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Aviation Safety: Separation Anxieties

On July 1, two commercial jets crashed over southern Germany resulting in the death of 71 people, including 52 children.


October 3, 2007
By Steve Leslie

Topics

On July 1, two commercial jets crashed over southern Germany
resulting in the death of 71 people, including 52 children. The
accident occurred when a chartered Bashkirian Airlines Tupolev 154 and
a DHL Boeing 757 freighter collided over the northern shore of Lake
Constance near Überlingen. The Tu-154 was on a charter flight from
Moscow to Barcelona, and the B757 was on a routine cargo flight from
Bahrain to Brussels. The flights had just entered Swiss airspace, and
were communicating with Zürich Control.

According to information available, both jets received a TCAS
"TRAFFIC, TRAFFIC" alert a little less than one minute before the
collision. Approximately 15 seconds later, both TCAS systems issued a
resolution advisory (RA) warning the Tu-154 to climb and the 757 to
descend. One second after the RA, Zürich Control instructed the Tu-154
to "descend flight level 350, expedite, I have crossing traffic."
Fourteen seconds later, having received no response, the controller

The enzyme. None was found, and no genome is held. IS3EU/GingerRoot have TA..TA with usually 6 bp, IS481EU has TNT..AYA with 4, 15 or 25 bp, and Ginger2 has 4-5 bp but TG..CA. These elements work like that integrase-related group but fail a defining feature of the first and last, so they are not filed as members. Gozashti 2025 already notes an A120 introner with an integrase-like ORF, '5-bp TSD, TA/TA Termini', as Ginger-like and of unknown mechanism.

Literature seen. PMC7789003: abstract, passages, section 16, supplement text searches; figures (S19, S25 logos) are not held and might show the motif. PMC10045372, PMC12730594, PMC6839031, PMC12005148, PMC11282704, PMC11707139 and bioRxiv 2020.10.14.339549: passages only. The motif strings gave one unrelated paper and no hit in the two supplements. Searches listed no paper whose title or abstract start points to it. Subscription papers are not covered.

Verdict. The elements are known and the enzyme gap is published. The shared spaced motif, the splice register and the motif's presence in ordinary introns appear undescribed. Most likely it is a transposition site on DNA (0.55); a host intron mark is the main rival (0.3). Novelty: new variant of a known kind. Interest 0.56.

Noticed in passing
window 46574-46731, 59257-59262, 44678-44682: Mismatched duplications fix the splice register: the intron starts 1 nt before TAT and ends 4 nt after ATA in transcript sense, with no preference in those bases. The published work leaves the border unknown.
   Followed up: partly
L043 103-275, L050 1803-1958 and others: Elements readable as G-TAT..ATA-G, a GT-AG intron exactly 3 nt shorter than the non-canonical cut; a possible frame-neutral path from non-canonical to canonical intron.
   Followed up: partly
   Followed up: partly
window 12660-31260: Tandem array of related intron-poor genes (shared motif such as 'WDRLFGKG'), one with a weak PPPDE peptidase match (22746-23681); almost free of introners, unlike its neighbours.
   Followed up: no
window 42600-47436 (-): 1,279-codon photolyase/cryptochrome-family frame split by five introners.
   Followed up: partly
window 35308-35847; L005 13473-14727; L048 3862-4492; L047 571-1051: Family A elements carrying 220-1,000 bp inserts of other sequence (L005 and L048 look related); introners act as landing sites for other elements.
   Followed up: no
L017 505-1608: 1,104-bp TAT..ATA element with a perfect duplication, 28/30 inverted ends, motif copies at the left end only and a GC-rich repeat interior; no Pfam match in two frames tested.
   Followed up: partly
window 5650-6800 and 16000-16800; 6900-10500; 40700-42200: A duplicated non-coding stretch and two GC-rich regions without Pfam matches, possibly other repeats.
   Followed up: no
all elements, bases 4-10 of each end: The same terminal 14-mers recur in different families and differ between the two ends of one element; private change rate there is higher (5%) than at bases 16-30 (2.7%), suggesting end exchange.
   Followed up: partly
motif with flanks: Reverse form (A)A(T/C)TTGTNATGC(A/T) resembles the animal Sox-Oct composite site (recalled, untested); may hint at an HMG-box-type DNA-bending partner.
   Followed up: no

again urged the Tu-154 crew to "descend level 350, expedite descent."
Both aircraft were on the same frequency, and no air traffic control
warning was issued to the DHL 757. The flights were cruising at 36,000
feet and initiated their descent roughly 30 seconds before impact; the
757 pilots obeying the TCAS "DESCEND" command, and seemingly the Tu-154
crew obeying ATC instead of the TCAS "CLIMB" command. Fourteen seconds
after the air traffic controller's first warning, and 30 seconds before
the crash, the Russian pilot hesitated briefly, and then began his
descent. Shortly thereafter, the two aircraft collided at 35,300 feet.

Although it is still too early to draw conclusions, one has to
wonder was this tragic accident the result of human error or was it a
failure of TCAS technology and RVSM procedures? It is expected that the
accident investigators will be analyzing potential ATC system
deficiencies, cockpit procedures, and close attention will be paid to
the role of TCAS and RVSM.